Carmarthenshire, dubbed the Garden of Wales, has a huge array of beautiful green spaces to explore. It’s home to the National Botanic Garden of Wales which spans a huge 568 acres, attracting hundreds of thousands of visitors each year. The stunning Great Glasshouse features a sensory trail that explores the largest single-span greenhouse in the world! From fluffy flowers from South Africa to a strongly scented Australian plant, it’ll engage all your senses. 

Having recently gifted King Charles with a beautiful oak sapling, the National Botanic Garden of Wales care deeply about the nation’s natural heritage. For those visiting the garden, the paths are wheelchair accessible with manual wheelchairs available on site. Open 10am – 6pm every day of the week.

Wildlife expert and founder of bird food provider Ark Wildlife, Sean McMenemy, explains the benefits of sensory gardening: “Sensory gardens provide a great deal of physical and mental benefits for different people and purposes. From getting vitamin D from sunlight to improving physical fitness by maintaining a garden, there are several physical benefits. Mentally, you can benefit from a mood boost and relaxation by spending time surrounded by calming stimulation.

“Sensory gardens can also have huge benefits for children, older people, those with learning disabilities and those who struggle with their physical and mental health. You can also create a sensory garden for your pets and garden wildlife!”

Top tips for creating your own sensory garden

If you do have the outdoor space, creating your own sensory garden is therapeutic in itself and doesn’t need to be a complicated process. The most important thing is to ensure that the garden engages all five senses. 

Melody Estes, landscape design gardening supervisor, says: “Whether you’re new to gardening or a seasoned pro, you can always improve your garden by adding some sensory elements.”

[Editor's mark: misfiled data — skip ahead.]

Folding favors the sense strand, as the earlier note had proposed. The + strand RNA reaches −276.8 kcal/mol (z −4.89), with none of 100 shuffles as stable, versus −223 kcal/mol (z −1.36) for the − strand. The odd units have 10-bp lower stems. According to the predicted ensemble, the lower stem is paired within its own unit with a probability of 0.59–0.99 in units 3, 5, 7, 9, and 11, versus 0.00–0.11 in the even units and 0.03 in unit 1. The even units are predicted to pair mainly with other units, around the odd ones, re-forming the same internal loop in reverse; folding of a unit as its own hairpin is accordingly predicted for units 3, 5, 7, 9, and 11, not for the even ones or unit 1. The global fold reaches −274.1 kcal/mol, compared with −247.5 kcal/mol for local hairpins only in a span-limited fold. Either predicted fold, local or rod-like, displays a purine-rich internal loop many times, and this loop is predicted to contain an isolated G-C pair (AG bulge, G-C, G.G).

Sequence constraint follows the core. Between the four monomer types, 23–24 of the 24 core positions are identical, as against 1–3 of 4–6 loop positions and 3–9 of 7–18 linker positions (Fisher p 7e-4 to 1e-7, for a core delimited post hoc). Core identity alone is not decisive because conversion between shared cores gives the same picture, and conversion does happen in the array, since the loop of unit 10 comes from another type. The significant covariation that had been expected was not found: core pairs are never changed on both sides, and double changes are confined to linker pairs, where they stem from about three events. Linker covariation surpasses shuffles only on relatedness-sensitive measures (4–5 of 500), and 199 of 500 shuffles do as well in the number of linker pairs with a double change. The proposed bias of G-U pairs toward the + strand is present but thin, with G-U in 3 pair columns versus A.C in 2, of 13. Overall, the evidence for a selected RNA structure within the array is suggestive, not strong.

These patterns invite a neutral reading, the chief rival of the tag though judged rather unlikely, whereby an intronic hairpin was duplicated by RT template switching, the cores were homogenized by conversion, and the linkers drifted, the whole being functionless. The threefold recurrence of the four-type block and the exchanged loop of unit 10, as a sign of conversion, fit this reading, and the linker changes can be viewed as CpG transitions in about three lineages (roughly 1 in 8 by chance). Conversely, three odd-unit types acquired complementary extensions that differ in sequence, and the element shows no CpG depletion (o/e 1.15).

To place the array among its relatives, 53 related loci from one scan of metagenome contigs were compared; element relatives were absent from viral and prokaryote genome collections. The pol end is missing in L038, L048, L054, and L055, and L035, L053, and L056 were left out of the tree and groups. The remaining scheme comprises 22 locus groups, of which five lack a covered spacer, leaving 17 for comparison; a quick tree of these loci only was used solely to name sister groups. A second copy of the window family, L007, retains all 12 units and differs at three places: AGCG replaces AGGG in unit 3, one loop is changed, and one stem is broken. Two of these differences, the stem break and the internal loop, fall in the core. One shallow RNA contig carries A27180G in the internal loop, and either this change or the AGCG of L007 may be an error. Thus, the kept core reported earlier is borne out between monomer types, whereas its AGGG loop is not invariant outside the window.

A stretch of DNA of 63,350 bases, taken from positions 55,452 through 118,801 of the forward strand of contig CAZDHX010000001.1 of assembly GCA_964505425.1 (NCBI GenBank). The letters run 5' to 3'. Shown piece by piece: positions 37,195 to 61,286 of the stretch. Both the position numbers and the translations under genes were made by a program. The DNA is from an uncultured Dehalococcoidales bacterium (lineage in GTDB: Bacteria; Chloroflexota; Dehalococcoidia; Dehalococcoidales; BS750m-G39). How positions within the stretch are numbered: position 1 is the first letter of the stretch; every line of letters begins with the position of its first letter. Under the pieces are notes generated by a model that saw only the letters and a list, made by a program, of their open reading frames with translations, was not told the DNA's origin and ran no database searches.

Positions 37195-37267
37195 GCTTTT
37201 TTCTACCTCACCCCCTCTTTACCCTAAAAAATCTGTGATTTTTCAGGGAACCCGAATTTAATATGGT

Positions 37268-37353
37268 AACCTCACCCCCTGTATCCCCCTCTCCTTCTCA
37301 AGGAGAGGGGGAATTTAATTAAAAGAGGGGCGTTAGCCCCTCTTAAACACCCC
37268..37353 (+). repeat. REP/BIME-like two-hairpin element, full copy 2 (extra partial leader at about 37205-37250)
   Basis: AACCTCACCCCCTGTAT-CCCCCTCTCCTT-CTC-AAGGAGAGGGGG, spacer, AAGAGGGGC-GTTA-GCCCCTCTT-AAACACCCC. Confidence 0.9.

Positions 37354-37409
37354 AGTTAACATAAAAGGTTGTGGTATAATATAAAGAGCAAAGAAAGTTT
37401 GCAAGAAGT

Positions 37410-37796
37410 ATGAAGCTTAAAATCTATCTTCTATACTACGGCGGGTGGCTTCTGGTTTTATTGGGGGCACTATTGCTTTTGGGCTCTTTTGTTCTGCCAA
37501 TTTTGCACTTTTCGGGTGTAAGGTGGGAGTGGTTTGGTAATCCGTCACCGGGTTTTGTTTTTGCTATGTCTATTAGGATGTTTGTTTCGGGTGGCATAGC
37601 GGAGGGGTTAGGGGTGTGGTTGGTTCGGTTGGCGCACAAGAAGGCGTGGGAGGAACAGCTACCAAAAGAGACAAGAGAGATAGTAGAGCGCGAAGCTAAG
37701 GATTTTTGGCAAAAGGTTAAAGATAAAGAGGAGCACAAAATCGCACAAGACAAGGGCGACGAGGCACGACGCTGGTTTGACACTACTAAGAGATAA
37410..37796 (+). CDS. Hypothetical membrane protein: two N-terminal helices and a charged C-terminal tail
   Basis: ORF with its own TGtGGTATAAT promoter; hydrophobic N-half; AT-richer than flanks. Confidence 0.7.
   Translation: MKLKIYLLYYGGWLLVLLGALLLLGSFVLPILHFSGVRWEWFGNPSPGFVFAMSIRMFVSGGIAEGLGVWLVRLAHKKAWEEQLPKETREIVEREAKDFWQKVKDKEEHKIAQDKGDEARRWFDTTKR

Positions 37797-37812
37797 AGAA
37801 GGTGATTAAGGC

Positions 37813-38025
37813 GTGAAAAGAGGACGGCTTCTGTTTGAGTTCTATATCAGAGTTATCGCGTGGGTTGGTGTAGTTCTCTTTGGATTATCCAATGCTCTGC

Here are some tips from Melody for creating a sensory garden:

Sight – Plant colourful flowers that change with the seasons.

Sound – If you have a fountain or water feature on your property, consider adding some relaxing music to play alongside it. You could also place chimes near your front door to welcome people in.

Smell – Use scent. Consider planting scented flowers or herbs like lavender, rosemary and thyme that will give off a lovely aroma when they bloom.

Touch – Mix textures. The texture of plants can be as important as their colour and shape. Try using plants with soft leaves like ferns or grasses that are texturally different.

Taste – Planting herbs, fruits and vegetables not only provide tasty treats, but is a sustainable source of food.

Sean McMenemy adds: “Sensory gardens are an easy way to engage with wildlife and the outdoor environment. Growing your own plants and vegetables provides countless ways to learn about the natural world.

“You can bring your sensory garden to life by using bird feeders to attract beautiful feathered friends into your garden. They’ll bring the sound element to your sensory garden naturally. Fragrant flowers will attract colourful butterflies and other pollinators to your garden, giving you something to observe whilst helping nature to thrive.”

Some people may not have the time, money or space to create their own sensory garden. However, those with balconies and window ledges can still plant colourful, sweet-smelling flowers and edible plants. This mini sensory garden can still provide the benefits and satisfaction of an outdoor garden.